Instrument of War

Instrument of War

The German Army 1914-18

Dennis Showalter

Osprey Publishing, New York, 2016, 328 pages

Book Review published on: July 21, 2017

One can make the argument that the German army was the dominant military force of World War I. Start with the German war plan—conceived by General Count Alfred von Schlieffen and reshaped by Helmut von Moltke the Younger—which shaped the opening campaigns of the war. Consider the endurance shown by the Kaiser’s armies in the trench warfare that followed. They exhibited a dogged resilience, ensuring the conflict would become a grim attritional contest that would go on for four years. And, throughout that bloody grinding match, Germany consistently inflicted heavier casualties on their enemies than they sustained themselves. Though the Allies would harry Germany’s coalition partners throughout the war, it wasn’t until the German army itself was so exhausted and close to collapse that peace was finally achieved.

Is this an argument for the oft-cited German genius for careful planning and impeccable staff work? According to renowned historian Dennis Showalter, not so much. In Instrument of War, Showalter argues that the German army, which marched to war in 1914, was not up to the task of winning a quick and decisive victory. However, while Germany’s senior military leaders feared a long, drawn-out struggle, they made no plans to fight such a contest. Instead, between 1914 and 1918, they were forced to improvise the tools of total war. Such tools included the constant fielding of new weapons and doctrine, and the ruthless mobilization of demographic and material resources. Thus, Showalter argues, the real German “genius,” if such a thing existed, was for improvisation.

This and other similar insights make Instrument of War a masterful volume of synthetic scholarship. It is Showalter’s gift to cause us to hold up a familiar historical event, turn it in an odd direction, and force us to see it in a new perspective. He also weighs in convincingly on the historiographical debates current in World War I scholarship. So, for example, he concludes—contra Terence Zuber—that the Germans did implement a version of the Schlieffen Plan in 1914. To take another example, Showalter suggests that, of the armies on the western front, the Germans did the best job of creating the primary group bonds needed for men to endure trench warfare. Finally, he believes that the disintegration of the German army in 1918 was result of the dissolution of a very complex social contract between the Kaiserreich (the rulers of Germany) and its soldiers.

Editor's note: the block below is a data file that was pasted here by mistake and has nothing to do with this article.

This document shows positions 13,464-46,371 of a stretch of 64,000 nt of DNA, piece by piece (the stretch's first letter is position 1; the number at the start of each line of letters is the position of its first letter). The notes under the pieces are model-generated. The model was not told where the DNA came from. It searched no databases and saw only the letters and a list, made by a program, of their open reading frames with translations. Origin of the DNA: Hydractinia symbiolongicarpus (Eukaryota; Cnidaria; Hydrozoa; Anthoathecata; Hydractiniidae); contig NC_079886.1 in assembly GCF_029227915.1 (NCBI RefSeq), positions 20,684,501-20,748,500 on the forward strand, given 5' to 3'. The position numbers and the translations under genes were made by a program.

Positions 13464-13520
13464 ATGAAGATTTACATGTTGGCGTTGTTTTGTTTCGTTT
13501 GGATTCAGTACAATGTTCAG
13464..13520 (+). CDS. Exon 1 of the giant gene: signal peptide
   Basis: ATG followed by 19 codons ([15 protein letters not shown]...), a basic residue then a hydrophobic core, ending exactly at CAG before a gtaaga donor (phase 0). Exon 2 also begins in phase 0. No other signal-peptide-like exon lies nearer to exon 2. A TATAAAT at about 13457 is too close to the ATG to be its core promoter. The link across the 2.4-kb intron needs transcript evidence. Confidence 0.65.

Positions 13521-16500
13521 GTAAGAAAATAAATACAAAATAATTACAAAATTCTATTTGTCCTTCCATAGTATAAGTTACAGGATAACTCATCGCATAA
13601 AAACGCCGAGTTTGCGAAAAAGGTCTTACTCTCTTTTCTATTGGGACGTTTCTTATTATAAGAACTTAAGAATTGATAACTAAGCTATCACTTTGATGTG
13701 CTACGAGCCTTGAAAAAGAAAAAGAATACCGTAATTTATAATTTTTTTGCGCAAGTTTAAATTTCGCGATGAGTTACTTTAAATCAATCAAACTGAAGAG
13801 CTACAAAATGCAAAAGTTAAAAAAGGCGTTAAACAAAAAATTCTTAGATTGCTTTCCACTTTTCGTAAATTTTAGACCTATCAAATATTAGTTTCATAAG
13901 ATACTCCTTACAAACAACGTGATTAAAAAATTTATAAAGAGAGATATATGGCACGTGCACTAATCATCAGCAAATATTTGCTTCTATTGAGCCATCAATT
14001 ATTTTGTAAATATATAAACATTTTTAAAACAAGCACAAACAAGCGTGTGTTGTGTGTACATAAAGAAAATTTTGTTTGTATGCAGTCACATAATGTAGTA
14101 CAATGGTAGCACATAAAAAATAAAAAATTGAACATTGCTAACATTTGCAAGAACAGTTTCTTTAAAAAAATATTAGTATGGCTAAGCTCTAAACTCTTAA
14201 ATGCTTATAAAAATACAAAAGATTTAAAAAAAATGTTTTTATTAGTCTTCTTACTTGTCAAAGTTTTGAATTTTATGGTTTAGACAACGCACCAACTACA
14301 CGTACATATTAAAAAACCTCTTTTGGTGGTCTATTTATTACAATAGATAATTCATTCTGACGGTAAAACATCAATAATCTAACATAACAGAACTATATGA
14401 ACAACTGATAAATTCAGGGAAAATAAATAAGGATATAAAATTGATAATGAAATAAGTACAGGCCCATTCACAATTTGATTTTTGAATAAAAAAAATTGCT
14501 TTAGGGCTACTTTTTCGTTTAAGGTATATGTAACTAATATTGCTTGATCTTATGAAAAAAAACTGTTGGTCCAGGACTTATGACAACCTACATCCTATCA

Any new work by Dennis Showalter is welcome event. One anticipates invaluable insights into the ways armies work, the ways wars are fought, and the myriad challenges faced by men who fight them. These insights, along with his wit, accessible writing style, and wide-ranging scholarship make him something of a national treasure. I confidently recommend Instrument of War as a particularly valuable addition to the cascade of new scholarship accompanying the one hundred year anniversary of the World War I.

Book Review written by: Scott Stephenson, PhD, Fort Leavenworth, Kansas